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  1. #11

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    Quote Originally Posted by Photo Engineer
    Esa, I have stored Endura at room temperature for up to 1 year, as well as Supra I, II and III for that long and longer. The Endura showed no change, but the Supra papers showed a shift to the red and they lost some speed. I saw no significant increase in dmin in any of them.
    Any other ideas about how to fix my whites?
    In a correctly working ra-4, should there be any difference in the colour of a normally processed unexposed paper and a paper just bleachfixed?
    Today I used tetenal and Paterson chemicals. Both have worked well previously.

  2. #12
    Photo Engineer's Avatar
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    Quote Originally Posted by ekjt
    Any other ideas about how to fix my whites?
    In a correctly working ra-4, should there be any difference in the colour of a normally processed unexposed paper and a paper just bleachfixed?
    Today I used tetenal and Paterson chemicals. Both have worked well previously.
    Esa, there is a change in Dmin when you fully process an unexposed sheet of paper vs just blixing and washing. This is usually a shift yellowish with an increase of about 0.05 units in density or greater. In no case should the dmin be over 0.2 in color paper. It should be well below this value.

    PE

  3. #13

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    Thank you. This time the shift is so huge that it is a real problem. I have to try with a fresh box of paper soon.

  4. #14

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    The problem was aged paper. A fresh box pf paper solved the problem. Now the difference between fully processed and only bilxed paper is barely visible.

    So, as an answer to the original question. Supra and Ultra Endura refridgerated for a year and kept a couple of months in room temp may go bad.

    Esa

  5. #15
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    Fuji, does appear to have a shorter shelf life. I have some fuji flex stored in a cool basement that went bad after about 6 months. Oddly, the most significant aspect of it going south was that it could not achieve a good black. (this is unusual, most papers go south in the base or Dmin not the Dmax. My cleanout which is Fuji CA has printed pink in the Dmin for over a year, yet produces a real nice black when run through the processor.) I dumped and remixed all my chems to make sure it was the paper -- which was a waste.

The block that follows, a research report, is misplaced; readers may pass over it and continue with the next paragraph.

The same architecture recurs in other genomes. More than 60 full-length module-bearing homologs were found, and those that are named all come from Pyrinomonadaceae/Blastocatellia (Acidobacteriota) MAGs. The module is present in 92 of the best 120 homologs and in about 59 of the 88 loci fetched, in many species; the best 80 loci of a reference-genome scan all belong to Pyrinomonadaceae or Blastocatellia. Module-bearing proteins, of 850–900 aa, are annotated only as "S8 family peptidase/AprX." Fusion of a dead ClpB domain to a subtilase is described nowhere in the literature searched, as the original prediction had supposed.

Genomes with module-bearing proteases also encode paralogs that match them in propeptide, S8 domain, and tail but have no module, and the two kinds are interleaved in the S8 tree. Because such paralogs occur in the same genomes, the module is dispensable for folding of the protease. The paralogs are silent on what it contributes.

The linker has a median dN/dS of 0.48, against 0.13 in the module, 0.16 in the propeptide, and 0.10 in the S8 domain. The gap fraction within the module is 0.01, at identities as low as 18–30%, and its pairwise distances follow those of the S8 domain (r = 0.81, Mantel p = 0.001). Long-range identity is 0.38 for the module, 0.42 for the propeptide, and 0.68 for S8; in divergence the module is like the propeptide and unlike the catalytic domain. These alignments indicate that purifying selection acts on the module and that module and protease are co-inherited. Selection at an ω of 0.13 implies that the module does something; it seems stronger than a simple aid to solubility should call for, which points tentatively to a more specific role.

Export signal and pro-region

Meanwhile, I have enduraflex which is every bit as old as the fuji stored similarly and is perfect.

    I have a chest freezer which I have been too cheap to hook-up, but may have to this spring if I continue to use Fuji products.

    FWIW I have no greater love for CA over any other paper. Except when printing specific films, I don't see any significant advantage of CA over Kodak. I use it because most people (those who might buy my work) have bought the hype and because it is cheaper. When I read or hear people write that CA is in a class of its own or that it is head and shoulders better than all others I think: Emperor + no clothes.

    *

  6. #16
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    A bit off-topic, but FYI; in general, due to the design, Fuji papers print best with Fuji films, but Kodak papers will print well with either Kodak or Fuji films.

    This has been reported elsewhere.

    It is due to the use of what is called the "silver criterion" in the selection of the spectral sensitivities of the Kodak papers.

    PE

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